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Women Workers in Hawai‘i’s Pineapple Industry

Pineapple cannery foreladies dressed in their white uniforms

Foreladies at Hapco (Hawaiian Pineapple Company) cannery, ca. 1930. (Photo courtesy Mabel Kozuki.)

Hawai‘i’s pineapple industry, begun on a commercial scale in 1903, has historically been one of the largest employers of women.

“Because I got a chance to work for this company, my husband and I could support our children and educate them, and they are where they are now. I’m very thankful because it’s a honest-working job, good-paying job, too.” —Liiko Nouchi

Two or three cannery shifts were scheduled during the summer when pineapple tends to ripen. Regular workers were employed on a full-time basis the year round whether or not the cannery was running; intermittents worked whenever the cannery was operating, regardless of the time of year; seasonals were hired only for the peak summer season; non-regulars were the field equivalent of intermittents. Most of the seasonals and intermittents were women, while most of the regulars were men.

Students and some homemakers found that summer employment suited their needs well.

“January, February, March, you don’t work. Then, April, you work maybe couple days, and you stay home. You collect compensation. Then, maybe May — the later part of May — then you start working as a summer (worker) until September. Maybe the first or the second week, the cannery shut down. Then you stay home.” —Ida Milles

The work of pineapple packing and trimming was done by white caps, or ordinary workers.

“. . . you grab the pine like this, with your thumb (in the core hole). And then, you trim it. CPC (California Packing Corporation), they don’t care how you trim. As long you don’t trim thick and everything. But Hawaiian Pine, no, they strict. When there’s a eye, you just have to make (i.e., pick out) the eye.” —Adeline Naniole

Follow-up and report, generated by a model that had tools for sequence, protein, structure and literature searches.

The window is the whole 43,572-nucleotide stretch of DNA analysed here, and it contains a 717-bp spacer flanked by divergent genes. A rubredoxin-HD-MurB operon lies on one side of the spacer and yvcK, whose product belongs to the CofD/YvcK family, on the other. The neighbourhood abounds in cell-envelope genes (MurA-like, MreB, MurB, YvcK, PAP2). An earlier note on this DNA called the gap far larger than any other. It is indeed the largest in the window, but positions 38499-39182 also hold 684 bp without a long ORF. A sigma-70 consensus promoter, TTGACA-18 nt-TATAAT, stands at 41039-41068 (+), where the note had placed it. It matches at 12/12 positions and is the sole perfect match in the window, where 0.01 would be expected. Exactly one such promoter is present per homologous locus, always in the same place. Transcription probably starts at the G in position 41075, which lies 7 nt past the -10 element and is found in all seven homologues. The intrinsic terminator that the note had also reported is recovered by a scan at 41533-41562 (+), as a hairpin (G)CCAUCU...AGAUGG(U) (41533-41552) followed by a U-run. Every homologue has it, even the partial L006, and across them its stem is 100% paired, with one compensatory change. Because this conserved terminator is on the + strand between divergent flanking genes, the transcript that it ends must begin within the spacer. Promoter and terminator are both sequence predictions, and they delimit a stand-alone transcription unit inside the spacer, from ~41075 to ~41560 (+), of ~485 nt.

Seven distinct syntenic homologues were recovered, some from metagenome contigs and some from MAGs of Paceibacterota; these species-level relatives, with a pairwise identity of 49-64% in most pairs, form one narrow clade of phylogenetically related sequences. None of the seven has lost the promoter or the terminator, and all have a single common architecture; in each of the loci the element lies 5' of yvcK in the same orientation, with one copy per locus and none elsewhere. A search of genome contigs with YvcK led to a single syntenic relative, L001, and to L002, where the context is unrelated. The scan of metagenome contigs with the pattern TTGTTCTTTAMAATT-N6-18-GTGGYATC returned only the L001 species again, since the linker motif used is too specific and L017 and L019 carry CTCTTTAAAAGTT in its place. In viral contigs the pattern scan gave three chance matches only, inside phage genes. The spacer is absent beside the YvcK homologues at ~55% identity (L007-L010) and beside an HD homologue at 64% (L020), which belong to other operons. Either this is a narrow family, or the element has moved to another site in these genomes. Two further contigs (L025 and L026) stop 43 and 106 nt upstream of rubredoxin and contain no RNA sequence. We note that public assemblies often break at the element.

“They put me on the packing side, and I couldn’t pack right. Every time the forelady came, she emptied all those things (i.e., cans), put it back, and she said, ‘ Try again.’ I don’t know if I couldn’t see (the difference in pineapple grades) or. . . . Not too bright, that’s what it was. So by the end of the day, she said I didn’t have to come back next day.” —Emma Peneku

There were relievers, or brown caps, whose job it was to take the place of white caps who went to the restroom or who fell behind in their work. Above the relievers in rank were the foreladies, or blue caps, who supervised from one to six tables. Usually, three section heads helped the head forelady supervise the whole packing or trimming procedure.

“When I first started to work — a packer — and maybe couple of years, you work. Then they feel that you’re doing fine. Then they pick you up, and they say, ‘ You go inspection.’ You work on inspection, then they promote you to a reliever — seasonal reliever. Then, they come up to forelady.” —Margaret “Nona” Chang

The industry also provided the women an important source of social interaction.

“We had our own club, foreladies and relievers. ‘ Jolly Packers.’ . . . We would picnic. Go Ala Moana (Shopping) Center. Sometimes go countryside, or outer islands. . . . This group is very understanding group and have a lot of cooperation. They never hate each other and fight each other.” —Mabel Kozuki

 

Link to audioJulia Souza describes how she was selected for cannery work (.au sound file, 182K).

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